Sixteen studio, one-, and two-bedroom units will be created in the former boarding house at 765-771 Tyler St. with commercial space available on the first floor. Mill Town will be renovating the building's parking lot with improved lighting, safety, and traffic flow on Tyler Street.

This project will be executed by project architects Blueline Design and Hill Engineering with the lead contractor is David J. Tierney Jr. Inc.

Additionally, the former Cooke & Burnell building at 741 Tyler St. will be renovated into commercial space for the Tyler Street Lab, which is a community organization that supports a variety of neighborhood stakeholders. The lab had started out at 730 Tyer and then moved to 741. 

The city has been focusing on the renovation of Tyler Street for several years. First, the area was designated as a Transformative Development Initiative district by MassDevelopment, opening avenues to grants and technical help. Pittsfield has been working to concentrate economic development activities, resources, and investments on Tyler with the goal of creating a critical mass of activity that inspires investments by local residents, entrepreneurs, businesses, and additional private development.

In November, Pittsfield received a $3 million grant from MassWorks that will be focused on Tyler Street improvements. These improvements will include fixing the problematic intersection of Tyler Street and Woodlawn Avenue and doing street scape improvements on roads, sidewalks, and crosswalks.

Pittsfield aims to make Tyler Street a "complete street," meaning that it would incorporate and prioritize many forms of transportation in line with the state's Complete Streets program.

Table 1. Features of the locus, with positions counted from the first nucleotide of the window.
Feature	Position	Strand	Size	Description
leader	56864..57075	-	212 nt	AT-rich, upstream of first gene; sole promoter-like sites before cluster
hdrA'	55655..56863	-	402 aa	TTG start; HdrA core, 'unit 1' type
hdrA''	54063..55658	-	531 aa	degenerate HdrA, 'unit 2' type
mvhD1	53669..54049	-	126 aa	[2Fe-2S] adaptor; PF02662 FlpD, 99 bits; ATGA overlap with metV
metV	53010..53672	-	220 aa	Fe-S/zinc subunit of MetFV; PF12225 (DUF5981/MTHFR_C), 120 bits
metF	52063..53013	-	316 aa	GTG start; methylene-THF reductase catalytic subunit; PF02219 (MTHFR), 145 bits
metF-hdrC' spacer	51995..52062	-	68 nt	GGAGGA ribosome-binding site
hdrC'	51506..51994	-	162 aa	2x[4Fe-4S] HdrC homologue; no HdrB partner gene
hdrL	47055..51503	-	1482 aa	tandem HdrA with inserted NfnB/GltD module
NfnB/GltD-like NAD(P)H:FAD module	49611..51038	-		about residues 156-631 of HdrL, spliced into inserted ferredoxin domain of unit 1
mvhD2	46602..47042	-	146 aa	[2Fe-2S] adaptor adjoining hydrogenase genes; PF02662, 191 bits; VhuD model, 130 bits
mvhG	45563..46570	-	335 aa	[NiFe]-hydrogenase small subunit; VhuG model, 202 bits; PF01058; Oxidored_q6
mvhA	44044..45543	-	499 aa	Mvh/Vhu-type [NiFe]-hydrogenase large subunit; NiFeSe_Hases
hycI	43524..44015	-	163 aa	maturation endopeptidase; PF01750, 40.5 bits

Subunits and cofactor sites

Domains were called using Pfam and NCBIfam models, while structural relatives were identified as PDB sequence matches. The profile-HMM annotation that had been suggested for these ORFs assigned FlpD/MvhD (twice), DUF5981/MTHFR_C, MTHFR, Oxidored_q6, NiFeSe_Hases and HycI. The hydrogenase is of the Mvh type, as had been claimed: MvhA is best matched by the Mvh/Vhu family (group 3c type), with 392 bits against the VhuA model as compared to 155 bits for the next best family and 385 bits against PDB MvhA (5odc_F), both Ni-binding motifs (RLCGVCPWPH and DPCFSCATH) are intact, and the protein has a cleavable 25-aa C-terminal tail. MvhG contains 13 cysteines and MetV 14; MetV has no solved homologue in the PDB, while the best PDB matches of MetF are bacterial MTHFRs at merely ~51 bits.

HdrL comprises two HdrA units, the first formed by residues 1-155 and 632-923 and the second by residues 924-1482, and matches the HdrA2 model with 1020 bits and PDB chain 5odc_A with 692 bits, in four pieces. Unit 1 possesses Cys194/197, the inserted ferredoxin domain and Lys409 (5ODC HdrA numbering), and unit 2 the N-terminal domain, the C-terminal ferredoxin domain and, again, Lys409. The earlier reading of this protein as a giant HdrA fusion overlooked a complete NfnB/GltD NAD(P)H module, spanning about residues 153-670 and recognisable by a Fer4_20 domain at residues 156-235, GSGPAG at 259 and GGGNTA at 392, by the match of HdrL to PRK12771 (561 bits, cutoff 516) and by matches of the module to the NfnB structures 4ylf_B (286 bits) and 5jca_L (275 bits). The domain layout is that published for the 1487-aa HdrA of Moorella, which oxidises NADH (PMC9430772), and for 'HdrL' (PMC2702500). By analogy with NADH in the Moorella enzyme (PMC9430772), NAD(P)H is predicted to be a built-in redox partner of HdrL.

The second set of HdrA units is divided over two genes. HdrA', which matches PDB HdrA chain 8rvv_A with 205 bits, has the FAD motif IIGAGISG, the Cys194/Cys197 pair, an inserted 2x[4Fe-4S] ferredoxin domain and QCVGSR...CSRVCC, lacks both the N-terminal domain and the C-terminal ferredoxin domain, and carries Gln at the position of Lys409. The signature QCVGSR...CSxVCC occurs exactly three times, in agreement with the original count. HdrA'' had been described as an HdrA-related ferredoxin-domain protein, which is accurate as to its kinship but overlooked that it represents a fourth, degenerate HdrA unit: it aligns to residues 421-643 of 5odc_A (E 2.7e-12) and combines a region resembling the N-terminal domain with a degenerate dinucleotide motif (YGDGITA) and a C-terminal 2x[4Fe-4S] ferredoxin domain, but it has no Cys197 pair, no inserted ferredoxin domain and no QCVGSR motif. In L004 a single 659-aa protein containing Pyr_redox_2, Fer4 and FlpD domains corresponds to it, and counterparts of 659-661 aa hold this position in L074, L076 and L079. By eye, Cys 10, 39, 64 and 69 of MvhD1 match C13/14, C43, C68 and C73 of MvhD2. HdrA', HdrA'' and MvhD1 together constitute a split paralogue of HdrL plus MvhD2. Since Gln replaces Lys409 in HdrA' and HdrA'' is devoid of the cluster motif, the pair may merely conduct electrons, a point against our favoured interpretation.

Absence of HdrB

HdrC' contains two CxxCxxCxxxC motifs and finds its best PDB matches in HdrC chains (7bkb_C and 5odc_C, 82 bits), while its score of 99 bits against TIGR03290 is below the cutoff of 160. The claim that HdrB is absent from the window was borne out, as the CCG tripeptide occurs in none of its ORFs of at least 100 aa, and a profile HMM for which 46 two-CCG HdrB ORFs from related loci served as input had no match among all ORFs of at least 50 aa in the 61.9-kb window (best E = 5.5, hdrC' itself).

Mayor Linda Tyer said she is thrilled to have Mill Town joining their efforts to revitalize the City of Pittsfield, who have supported Mill Town through a City Council approved Tax Increment Exemption package.

"Through its strategic efforts, Mill Town is helping the city expand and enhance recreational and cultural offerings as well as create vibrant new residential housing and business opportunities," Tyer said in a statement. "The organization's thoughtful and inclusive approach to community impact investment has proven to be a real game changer for Pittsfield and I look forward to our collaborations ahead."

Tags: housing projects,   tyler street,   

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Pittsfield Hospitality Taxes Rebound From Fiscal Year 2021

By Brittany PolitoiBerkshires Staff

PITTSFIELD, Mass. — The city is back to pre-pandemic figures for local receipts in the hospitality industry.

On Wednesday, Finance Director Matthew Kerwood reviewed the city's monetary stance for fiscal 2022 to the finance subcommittee. The review was based on metrics from the beginning of the fiscal year in July to Dec. 31.

He reported that taxes collected for hotels, motels, and meals are where they were before the pandemic.

"What I can tell you on both motel/hotel and meals is that these numbers have to pre-pandemic levels in terms of the amount of revenue that has come in in FY22," Kerwood said.

"So we're back in terms of being able to see these revenues and honestly we were not that far off on meals, we were just about there, and we were substantially behind what we had estimated in hotel/motel tax but that is obviously understandable given the circumstances we find ourselves in."